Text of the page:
The video upload process is amazingly simple, allowing you to upload from your own computer or from other sites such as YouTube. To top it all off, the folks over at FanDome have created a series of video widgets which show all the latest content for a given team. You can check out their widget over in the right sidebar here at the Gate (that’s this way for those of you who are directionally challenged). Thankfully, all of the content on display is embeddable, linkable, etc., just like this little clip:
The content is as varied and, at the same time, well-organized as I’ve seen on any of the various video sites across the web. FanDome has really done a nice job in putting together its virtual smorgasbord of sports video. If you like YouTube and the like at all, FanDome really is worth checking out.
**Disclosure: While both Gate 21 and FanDome.com feature hyperlinks to one another, neither site, their editors, nor their webmasters receive any payment or other compensation of any type or kind in return for those links. Furthermore, neither Gate 21 nor lawvol received any compensation for this review, which was neither requested nor solicited by FanDome.com. This "Shout Out" represents the actual opinion of the author (for what that is worth) and was in no way influenced by any other person.
As I indicated last week, Gate 21 has been given the chance this year to participate in the College Football BlogPoll -- a clear sign of the lack of good judgment on the part of the BlogPoll brain trust.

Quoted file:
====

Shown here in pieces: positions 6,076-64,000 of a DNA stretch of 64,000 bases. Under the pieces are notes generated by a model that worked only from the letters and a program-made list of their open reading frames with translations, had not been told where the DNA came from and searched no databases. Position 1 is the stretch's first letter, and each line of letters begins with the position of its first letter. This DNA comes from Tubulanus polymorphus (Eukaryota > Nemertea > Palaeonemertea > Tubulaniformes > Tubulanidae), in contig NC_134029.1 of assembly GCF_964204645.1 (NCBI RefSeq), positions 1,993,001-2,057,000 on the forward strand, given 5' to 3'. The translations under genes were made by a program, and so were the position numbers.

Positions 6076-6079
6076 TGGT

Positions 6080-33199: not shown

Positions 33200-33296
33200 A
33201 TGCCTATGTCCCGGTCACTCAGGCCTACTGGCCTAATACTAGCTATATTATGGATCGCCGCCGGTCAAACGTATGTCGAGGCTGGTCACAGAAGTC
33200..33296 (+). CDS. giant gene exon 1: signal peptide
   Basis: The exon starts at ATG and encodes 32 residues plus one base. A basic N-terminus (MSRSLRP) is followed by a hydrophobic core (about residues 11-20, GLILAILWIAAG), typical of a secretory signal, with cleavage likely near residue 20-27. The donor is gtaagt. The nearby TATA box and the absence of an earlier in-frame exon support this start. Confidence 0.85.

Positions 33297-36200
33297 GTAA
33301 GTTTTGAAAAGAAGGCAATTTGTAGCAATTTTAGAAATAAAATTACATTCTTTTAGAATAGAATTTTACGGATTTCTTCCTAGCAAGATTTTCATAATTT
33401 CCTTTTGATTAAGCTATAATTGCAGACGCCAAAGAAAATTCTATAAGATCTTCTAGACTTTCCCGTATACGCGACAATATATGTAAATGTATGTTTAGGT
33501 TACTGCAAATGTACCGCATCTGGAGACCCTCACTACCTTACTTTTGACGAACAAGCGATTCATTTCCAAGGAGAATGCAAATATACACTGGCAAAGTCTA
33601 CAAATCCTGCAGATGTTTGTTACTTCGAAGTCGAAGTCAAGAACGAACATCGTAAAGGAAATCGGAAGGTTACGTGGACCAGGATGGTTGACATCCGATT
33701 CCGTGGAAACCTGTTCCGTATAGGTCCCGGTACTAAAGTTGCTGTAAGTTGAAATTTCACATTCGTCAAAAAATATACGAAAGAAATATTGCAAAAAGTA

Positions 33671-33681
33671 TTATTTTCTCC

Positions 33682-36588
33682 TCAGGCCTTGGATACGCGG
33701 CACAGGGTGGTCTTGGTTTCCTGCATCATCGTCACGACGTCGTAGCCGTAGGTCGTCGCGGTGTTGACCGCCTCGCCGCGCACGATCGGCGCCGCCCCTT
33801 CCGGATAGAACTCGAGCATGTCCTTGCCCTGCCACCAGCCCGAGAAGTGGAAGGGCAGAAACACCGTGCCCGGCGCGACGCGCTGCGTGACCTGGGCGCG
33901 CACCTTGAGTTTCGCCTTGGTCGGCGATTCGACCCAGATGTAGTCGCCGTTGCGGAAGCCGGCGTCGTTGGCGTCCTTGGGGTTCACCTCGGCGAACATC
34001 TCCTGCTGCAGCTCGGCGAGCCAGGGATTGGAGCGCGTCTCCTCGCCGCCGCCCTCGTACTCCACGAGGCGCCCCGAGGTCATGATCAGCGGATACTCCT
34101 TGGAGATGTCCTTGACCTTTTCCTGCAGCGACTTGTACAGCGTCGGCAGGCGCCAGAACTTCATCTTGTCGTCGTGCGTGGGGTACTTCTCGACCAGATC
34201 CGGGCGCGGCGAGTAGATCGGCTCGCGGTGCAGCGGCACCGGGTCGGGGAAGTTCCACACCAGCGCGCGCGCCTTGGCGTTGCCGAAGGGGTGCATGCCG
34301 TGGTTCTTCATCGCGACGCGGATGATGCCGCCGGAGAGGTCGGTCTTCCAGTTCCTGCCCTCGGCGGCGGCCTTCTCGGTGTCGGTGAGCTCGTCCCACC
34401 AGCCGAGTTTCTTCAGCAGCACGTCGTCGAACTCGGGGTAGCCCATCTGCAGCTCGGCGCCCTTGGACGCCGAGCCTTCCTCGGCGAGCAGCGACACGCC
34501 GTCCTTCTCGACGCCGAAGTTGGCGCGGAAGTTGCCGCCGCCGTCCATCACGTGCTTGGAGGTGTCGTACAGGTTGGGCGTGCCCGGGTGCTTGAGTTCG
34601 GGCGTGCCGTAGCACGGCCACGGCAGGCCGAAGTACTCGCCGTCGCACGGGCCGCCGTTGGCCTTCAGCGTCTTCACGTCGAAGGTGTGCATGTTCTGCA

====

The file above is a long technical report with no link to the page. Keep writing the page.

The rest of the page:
I posted my preliminary ballot late last week with my meager attempt to quantify the merits of the various teams from across the country as we sit at the brink of a new season.
Since then, however, Joel at RTT has taken the BlogPoll to a whole new level through the creation of an algorithm-based analytical computer model which quantifies the ranking of the teams based upon a list of indicators.
Owing to the fact that I can hardly add or subtract (which guided my choice of professions) I am not entirely sure that I understand his new ranking model completely. Still, it is truly impressive and is really worth giving a look if you are a fan of stats. Needless to say, it makes my method of assigning rankings -- based largely on the clever use of chalk, a tape measure, and a set of lawn darts -- look ... well ... very "quaint."
Man, and I remember the days when I used to just be able to say "That team looks good..."
Image Courtesy of: Just Jay It!
Well, I just got my copy of Phil Steele’s 2008 SEC Football Preview Magazine, to go along with the "big" magazine -- which covers the entire landscape of college football -- that came out a month or so ago. Once again, Phil doesn’t disappoint.
All I can say is this: if you ever consider buying a single preview / analysis magazine for college football, make sure that Phil Steele’s is the one you buy...
Now, I’m not going to lie and say that Phil’s magazine is necessarily as "pretty" or even as easy to read as some of the other preview magazines out there, because it isn’t. Phil’s magazines, however, have more information, more breakdowns, more analysis, and more of everything that really matters in the world of college football, than any other publication available. If you want to see what Phil’s breakdowns are like, just visit his website. For more than a decade, Phil has consistently published the absolute best college football preview resource available anywhere. I don’t even look at the others anymore.
Even better, Phil’s magazines are very reasonably priced, and can be bought in bundles for a substantial discount from his website (all 5 regional magazines for only $29.95 with no shipping charges). They are also available at various bookstores, grocery chains, and other locations where magazines are sold across the country. No matter how you purchase one, they are -- in Phil’s words -- "jampacked with information," and if you buy any preview magazine, you get his NFL and Fantasy Football Guide for free, and he even pays the shipping.